Do you ever have extreme stomach pain? Feel like there are days when you can’t get off the toilet? Maybe you feel so exhausted from the constant pain and bloating that you’re exhausted at the end of the day. If so, then you could have irritable bowel syndrome (IBS).
Irritable bowel syndrome is the most common gastrointestinal disorder worldwide —affecting up to 15% of people. IBS is more common in people under the age of 45. IBS is a long-term, chronic condition but there are effective treatments to help you manage it.
So, what are the irritable bowel syndrome symptoms? Some of the most common irritable bowel syndrome symptoms include:
- Diarrhea – Up to one-third of patients with IBS experience frequent diarrhea.
- Stomach pain and cramping – Abdominal pain is a common irritable bowel syndrome symptom. The pain will usually decrease following a bowel movement.
- Gas and bloating – This can be severe and persistent.
- Food intolerances – The majority of people with IBS report food intolerances, especially to foods containing lactose and gluten.
- Insomnia and other sleep problems – A lot of people with IBS have difficulty sleeping likely because the symptoms tend to interfere with sleep.
- Persistent fatigue – Insomnia can cause you to feel tired continuously throughout the day. This fatigue can make it hard to get through the day.
- Depression and anxiety – Studies show that about 60 percent of IBS patients have depression, anxiety or another psychiatric disorder. It is not clear why these issues occur with IBS, but medical experts have several theories. They think that stress affects the immune system, which can trigger IBS. Another argument is that stress may make the mind more aware of IBS symptoms. Depression is thought to be triggered or worsened by IBS. Physical ailments often trigger depression.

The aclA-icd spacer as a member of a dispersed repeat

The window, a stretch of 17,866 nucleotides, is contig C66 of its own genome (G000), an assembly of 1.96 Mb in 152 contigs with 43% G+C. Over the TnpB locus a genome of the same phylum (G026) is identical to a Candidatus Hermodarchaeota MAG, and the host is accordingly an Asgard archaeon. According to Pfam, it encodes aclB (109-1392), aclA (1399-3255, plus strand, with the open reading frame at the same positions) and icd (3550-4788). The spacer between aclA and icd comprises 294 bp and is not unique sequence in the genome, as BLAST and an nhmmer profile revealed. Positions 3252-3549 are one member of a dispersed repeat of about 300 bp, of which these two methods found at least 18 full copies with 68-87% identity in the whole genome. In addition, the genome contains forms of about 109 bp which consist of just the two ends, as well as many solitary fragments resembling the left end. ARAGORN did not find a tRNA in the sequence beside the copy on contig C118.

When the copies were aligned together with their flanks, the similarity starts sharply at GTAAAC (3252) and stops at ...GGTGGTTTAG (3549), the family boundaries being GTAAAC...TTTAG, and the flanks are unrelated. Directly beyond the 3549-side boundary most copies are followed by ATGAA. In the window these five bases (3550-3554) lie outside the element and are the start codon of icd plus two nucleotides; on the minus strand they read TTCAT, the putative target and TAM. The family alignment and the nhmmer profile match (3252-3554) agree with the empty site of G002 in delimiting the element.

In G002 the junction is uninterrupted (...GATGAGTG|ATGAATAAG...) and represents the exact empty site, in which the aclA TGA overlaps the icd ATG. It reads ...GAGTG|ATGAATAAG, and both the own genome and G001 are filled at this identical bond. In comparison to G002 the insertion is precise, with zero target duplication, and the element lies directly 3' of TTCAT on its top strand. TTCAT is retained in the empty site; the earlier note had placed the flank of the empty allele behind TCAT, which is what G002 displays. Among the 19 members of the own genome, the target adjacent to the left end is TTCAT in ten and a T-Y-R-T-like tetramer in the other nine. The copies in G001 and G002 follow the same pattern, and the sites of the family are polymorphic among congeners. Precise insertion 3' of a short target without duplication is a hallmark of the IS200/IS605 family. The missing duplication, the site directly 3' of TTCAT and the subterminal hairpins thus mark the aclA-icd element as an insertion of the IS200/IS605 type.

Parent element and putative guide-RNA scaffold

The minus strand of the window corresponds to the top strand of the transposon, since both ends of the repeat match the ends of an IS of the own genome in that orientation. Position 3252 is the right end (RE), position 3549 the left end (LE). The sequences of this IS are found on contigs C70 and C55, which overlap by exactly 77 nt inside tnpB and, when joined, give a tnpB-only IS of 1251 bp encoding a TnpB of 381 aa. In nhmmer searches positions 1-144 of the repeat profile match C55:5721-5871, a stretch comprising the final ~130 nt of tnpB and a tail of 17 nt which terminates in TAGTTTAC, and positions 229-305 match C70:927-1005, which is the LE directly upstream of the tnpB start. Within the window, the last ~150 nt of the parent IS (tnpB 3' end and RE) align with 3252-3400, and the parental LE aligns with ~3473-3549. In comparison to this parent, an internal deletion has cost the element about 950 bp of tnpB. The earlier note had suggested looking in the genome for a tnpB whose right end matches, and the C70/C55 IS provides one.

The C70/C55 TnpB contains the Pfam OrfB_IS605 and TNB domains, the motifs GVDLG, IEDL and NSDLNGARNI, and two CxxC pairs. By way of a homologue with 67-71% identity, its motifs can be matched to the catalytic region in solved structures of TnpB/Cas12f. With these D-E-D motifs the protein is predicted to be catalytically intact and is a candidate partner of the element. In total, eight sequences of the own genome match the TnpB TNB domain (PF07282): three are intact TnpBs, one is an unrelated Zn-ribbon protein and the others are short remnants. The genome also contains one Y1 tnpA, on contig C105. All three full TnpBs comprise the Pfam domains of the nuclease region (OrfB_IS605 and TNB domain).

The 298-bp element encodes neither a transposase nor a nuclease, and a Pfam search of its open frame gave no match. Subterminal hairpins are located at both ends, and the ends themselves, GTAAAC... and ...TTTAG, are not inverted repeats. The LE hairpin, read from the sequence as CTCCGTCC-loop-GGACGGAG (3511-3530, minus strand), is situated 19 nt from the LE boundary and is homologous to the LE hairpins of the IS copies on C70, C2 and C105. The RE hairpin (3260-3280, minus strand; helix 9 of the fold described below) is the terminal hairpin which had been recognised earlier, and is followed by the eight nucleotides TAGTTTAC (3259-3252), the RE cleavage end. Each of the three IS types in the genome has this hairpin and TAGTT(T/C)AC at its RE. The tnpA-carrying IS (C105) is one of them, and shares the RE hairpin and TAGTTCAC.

What Can I Do If I Have Irritable Bowel Syndrome Symptoms?
If you had symptoms of IBS, the first thing that you should do is visit your doctor. Before your appointment, it might be helpful to keep an IBS symptoms journal. This record can help your doctor diagnose irritable bowel syndrome. It can also help your doctor identify your triggers.
Your doctor might want to test to make sure that your irritable bowel syndrome symptoms are not due to another illness. They’ll also likely talk to you about ways to control your irritable bowel syndrome symptoms.
Living With and Managing IBS Symptoms
Although there is not a cure for IBS, there are some lifestyle changes that you can make to help you manage the illness.
Acupuncture has been proven effective for treating chronic pain. Acupuncture is a popular therapy for IBS, and many patients get relief with acupuncture. Several studies have shown that it can help with abdominal bloating and other irritable bowel syndrome symptoms.
Take Supplements for IBS
WebMD recommends supplements for irritable bowel syndrome symptoms. Supplements like the Restore 3 program for IBS can help restore the proper balance of bacteria in the digestive system. This restoration helps combat the symptoms of IBS so that you feel better.